Police warn of Purim’s explosive dangers

Beware of illegal firecrackers that are magnets for children, parents told.

By
March 18, 2011 04:51
2 minute read.
Police demonstrate danger of fireworks

Police blow up doll with fireworks 311. (photo credit: Marc Israel Sellem)

 
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The deafening explosion that tore through the testing ground of the Israel Police’s Jerusalem headquarters this week sounded like it came from a mortar shell.

Not only did the blast shake the area and vibrate through stomachs, it also blew a hole through the clothes of a plastic doll representing a child, and left a large black scar on the doll’s upper leg – a first-degree burn, had the doll been a human being.

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Police had gathered journalists to witness the power of illegal firecrackers available to children across the country ahead of Purim. The test-firing of some of the items showed that the firecrackers were, in fact, nothing short of powerful explosives.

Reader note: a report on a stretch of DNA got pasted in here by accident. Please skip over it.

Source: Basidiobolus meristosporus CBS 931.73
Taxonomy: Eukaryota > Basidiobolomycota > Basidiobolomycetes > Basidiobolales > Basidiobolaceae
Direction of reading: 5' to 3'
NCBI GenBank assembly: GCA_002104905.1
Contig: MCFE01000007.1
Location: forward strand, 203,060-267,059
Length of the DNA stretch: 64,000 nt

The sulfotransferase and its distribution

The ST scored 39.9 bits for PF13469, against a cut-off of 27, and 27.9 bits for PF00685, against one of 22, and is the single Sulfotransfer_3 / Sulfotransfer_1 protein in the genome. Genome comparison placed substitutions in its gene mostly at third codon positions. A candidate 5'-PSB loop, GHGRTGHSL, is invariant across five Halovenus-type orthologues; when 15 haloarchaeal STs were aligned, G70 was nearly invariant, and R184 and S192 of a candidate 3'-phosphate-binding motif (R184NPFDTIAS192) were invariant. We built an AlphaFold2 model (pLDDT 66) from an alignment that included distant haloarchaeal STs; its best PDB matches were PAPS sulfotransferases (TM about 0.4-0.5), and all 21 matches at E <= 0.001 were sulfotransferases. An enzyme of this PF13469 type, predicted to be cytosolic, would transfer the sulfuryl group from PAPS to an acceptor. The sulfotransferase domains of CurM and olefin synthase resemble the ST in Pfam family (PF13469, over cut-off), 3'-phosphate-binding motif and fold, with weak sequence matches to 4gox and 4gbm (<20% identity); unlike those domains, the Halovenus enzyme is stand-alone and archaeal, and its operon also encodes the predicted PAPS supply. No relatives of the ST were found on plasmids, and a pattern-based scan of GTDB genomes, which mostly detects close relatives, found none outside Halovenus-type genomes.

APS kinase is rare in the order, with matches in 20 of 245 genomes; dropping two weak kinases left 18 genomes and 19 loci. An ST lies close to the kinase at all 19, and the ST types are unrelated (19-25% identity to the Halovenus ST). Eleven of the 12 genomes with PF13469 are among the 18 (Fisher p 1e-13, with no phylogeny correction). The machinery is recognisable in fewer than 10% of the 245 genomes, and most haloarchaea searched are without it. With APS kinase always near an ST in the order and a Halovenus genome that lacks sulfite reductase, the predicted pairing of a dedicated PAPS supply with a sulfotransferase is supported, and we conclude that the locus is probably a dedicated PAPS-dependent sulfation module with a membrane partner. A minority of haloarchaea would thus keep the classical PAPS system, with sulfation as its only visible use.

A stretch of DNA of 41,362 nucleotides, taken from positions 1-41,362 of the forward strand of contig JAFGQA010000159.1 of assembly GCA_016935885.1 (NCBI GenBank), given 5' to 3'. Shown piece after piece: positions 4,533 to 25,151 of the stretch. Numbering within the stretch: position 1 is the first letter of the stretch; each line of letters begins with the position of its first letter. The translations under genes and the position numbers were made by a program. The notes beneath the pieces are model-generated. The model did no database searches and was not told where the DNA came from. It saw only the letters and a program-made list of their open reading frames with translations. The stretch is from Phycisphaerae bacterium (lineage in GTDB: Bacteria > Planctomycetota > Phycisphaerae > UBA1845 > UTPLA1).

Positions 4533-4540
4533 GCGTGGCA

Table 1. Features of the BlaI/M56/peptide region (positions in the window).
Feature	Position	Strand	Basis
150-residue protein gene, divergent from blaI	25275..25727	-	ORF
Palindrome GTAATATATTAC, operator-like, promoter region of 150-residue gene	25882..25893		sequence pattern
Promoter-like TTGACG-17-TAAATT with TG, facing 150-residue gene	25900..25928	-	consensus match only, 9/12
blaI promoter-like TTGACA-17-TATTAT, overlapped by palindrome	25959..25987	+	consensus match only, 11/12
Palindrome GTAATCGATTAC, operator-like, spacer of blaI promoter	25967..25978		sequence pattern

Pointing to a desk containing a sample of the “dangerous toys,” Ch.-Supt. Marco Almalich of the police’s national bomb squad focused on a collection of brightly colored pipes.

“These are actually cannons, capable of firing firecrackers 30-40 meters away,” he said.

“The explosions are accompanied by a fire.”

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He noted that “smugglers are bringing these in in large quantities.

Some end up in children’s stores. Others are sold out of the back of vehicles to children in residential areas.”

Police have been working year-round to raid the illegal merchandise, using intelligence and informants to seize equipment and make arrests.

“A month ago, we raided a truck containing thousands of these,” Almalich recalled.

In recent years, youth have lost fingers, and in some cases whole hands, to the explosive devices, which are deceptively marketed as harmless toys.

“We know of many cases where hands have been burned severely, fingers blown away, and severe burns from these things exploding in pockets,” Almalich said. “They are very powerful.”

Often enough, peaceful afternoons or evenings in quiet neighborhoods are shattered by the sounds made by the “toys” as they are set off by youths who are unaware of the dangers.

In fact, they pack such a punch that Palestinian rioters have been known to deploy the cannon firecrackers during disturbances, targeting Border Police.

“They can be used to create full-scale explosives, too,” Almalich pointed out. “Children are unaware of the danger and power they can cause. The trauma they have already caused is extensive.”

As such, with the approach of Purim, police have advised parents to ensure their children are armed with nothing more powerful than old-fashioned cap guns.

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